Forwarded from Anthony (reply to E. George)

Louis Proyect lnp3 at panix.com
Tue Apr 9 07:33:31 MDT 2002


Part 3: Reply to Edward George on bourgeois revolutions

I have to say, that I like Edward George's second set of posts on the
bourgeois revolutions of Europe better than his first set of posts. There
is a lot in George's posts with which I agree, however in some important
ways our views are different.

For now, let me point out a point where Ed and I have general agreement.

Ed wrote,

"...what has passed itself off as Marxism up to now is no such thing, and
that a fundamental re-explanation and re-statement of the fundamentals of
Marxist theory is necessary. In particular, what is dragging Marxism
through the mud is the pervasive influence of Stalinism; and that, under
the influence of the semi-religious conceptions of Stalinist-manufactured
'dialectical materialism', in the vulgarization of Marxist concepts, both
the Stalinist bureaucracies of the Soviet Union and the 'people's
democracies' and those who operated under their political and ideological
influence world-wide borrowed heavily from the mechanical and crude
innovations developed under the auspices of the Second international - and
justified this vulgarization through recourse to higher authority, through
a systematic misreading of the texts of classical Marxism and a fundamental
distortion of their basic ideas. In this respect we can draw a line of
continuity that runs from Plekhanov and Kautsky right up to Soboul, Hill
and Hobsbawm in the near present, a continuity characterized by a
vulgarized materialist conception of history, a national-'Marxist'
interpretation of historical processes, and a dogmatic schematize of the
prospects for future historical transformation."

My views are:

1) Marxism split into revolutionary and reformist camps during the time of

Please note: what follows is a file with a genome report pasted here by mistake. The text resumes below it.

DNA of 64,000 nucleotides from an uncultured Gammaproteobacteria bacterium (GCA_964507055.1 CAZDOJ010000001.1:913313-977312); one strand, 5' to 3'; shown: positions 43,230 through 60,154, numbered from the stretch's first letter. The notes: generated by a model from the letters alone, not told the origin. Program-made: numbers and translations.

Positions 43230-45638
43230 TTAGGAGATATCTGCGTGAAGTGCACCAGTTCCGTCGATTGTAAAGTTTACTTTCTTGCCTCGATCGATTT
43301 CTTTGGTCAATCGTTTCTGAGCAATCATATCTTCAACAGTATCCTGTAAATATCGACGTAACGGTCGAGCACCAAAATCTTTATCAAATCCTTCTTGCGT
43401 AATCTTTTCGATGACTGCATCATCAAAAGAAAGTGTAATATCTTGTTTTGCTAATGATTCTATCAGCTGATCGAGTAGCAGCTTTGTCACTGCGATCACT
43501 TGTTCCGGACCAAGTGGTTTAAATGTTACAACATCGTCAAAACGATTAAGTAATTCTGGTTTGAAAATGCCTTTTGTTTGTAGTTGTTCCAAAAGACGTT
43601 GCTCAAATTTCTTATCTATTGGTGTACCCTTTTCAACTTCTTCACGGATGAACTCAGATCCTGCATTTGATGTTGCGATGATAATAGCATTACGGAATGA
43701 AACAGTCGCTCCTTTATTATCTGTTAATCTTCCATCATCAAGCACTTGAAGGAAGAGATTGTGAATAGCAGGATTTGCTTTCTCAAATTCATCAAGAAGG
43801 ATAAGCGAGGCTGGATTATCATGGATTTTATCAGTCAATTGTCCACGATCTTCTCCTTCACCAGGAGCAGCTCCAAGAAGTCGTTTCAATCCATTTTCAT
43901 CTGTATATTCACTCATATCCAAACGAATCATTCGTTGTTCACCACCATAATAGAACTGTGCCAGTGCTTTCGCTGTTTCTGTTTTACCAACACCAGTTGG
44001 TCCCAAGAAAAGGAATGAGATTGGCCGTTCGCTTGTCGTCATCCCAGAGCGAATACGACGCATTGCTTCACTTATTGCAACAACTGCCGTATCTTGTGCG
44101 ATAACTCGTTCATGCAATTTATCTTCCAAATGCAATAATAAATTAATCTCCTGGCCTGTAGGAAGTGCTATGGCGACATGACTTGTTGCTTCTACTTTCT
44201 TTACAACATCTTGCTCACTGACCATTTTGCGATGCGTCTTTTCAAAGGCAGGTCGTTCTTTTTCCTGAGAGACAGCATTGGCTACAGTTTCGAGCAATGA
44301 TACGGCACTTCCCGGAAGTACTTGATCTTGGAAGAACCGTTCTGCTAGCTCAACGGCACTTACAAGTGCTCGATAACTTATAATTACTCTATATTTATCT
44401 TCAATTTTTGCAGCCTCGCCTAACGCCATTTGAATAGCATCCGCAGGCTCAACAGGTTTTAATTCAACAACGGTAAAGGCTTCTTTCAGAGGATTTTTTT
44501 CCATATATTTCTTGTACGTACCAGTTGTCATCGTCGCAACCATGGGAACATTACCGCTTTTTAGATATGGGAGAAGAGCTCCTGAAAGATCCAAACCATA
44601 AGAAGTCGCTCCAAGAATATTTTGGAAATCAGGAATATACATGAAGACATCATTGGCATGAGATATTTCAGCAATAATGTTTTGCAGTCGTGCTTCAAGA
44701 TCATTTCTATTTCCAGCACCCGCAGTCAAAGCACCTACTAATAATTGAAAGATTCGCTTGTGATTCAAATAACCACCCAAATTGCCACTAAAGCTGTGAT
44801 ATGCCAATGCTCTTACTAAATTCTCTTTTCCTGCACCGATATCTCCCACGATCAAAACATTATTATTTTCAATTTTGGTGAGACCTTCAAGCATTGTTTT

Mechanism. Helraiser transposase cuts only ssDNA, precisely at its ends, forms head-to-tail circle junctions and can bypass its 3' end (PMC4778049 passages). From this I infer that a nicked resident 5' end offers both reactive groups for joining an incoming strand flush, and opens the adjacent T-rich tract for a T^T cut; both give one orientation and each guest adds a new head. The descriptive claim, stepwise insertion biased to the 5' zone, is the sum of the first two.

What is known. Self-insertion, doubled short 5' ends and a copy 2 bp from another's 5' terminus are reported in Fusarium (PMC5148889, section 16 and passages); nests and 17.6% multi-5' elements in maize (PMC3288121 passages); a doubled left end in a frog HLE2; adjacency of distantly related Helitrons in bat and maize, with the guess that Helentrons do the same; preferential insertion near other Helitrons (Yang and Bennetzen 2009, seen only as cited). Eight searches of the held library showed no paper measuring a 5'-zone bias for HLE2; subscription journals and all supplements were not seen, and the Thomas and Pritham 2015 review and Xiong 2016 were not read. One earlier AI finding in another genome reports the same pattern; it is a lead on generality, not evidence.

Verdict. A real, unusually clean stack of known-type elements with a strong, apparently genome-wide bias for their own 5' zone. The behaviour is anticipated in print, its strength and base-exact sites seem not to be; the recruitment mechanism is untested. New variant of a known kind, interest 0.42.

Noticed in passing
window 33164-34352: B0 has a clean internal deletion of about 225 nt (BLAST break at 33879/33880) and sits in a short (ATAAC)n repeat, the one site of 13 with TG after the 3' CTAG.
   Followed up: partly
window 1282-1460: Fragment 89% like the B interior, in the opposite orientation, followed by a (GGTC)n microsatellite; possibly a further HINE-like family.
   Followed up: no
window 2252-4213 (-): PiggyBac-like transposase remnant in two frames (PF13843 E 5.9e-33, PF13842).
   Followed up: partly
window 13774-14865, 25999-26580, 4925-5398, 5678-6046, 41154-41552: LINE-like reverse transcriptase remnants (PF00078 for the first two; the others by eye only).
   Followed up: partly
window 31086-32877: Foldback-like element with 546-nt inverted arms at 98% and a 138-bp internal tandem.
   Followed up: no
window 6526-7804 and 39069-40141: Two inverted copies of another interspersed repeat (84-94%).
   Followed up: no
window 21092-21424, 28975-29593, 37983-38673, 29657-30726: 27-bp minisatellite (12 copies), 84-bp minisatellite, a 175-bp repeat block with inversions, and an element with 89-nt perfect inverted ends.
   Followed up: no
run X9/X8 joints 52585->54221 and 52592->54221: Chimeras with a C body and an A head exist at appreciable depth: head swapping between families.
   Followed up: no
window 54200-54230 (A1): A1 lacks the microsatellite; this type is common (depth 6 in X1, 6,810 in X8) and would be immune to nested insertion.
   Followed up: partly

the Second International. The reformist camp reflected the interests of the
privileged layers of workers and petty bourgeois which arose in Europe and
North America as the result of imperialism - both precapitalist and
capitalist imperialism proper. The revolutionary camp reflected the more
oppressed layer of workers in Europe and North America - and outside of the
imperialist countries. Ideologically this was reflected most sharply in t
he Russian Social Democratic Labor Party, and specifically the split
between Menshevism and Bolshevism. This split was fully realized when the
Third International was formed following the Russian revolution, and during
the Post WWI revolutionary wave.

2) The split between reformism and revolutionary camps was replicated
within the Third International with the division between the followers of
Trotsky and Stalin. Stalin's camp regrouped some of the privileged layers
of workers and petty bourgeois in the imperialist countries, with the newly
privileged soviet bureaucracy, and petty bourgeois from the colonial and
semicolonial countries. Their social position within the imperialist
countries, the workers' state, and the semicolonial and/or colonial
countries respectively was threatened by interwar crisis of capitalism:
they were doomed to sink into the more oppressed layers, to be destroyed by
fascism and war (even if some of them might rise to positions of privilege).

3) The Popular Frontism Edward George refers to was the political
expression of those social layers attempt to maintain their privileges in
the face of the potential destruction of those privileges by social
revolution on the one hand, and war and fascism on the other hand.

4) Popular Frontism was - and is - simply a revival of older reformism
under new conditions.

5) Stalinism, and social democracy, and French Radicalism, used the history
of the bourgeois revolutions of Europe - especially the great French
revolution - to provide an ideological justification for their attempt to
create a new 'national' and 'popular' unity, i.e. the Popular Front.

More to come,

All the best, Anthony



Louis Proyect
Marxism mailing list: http://www.marxmail.org



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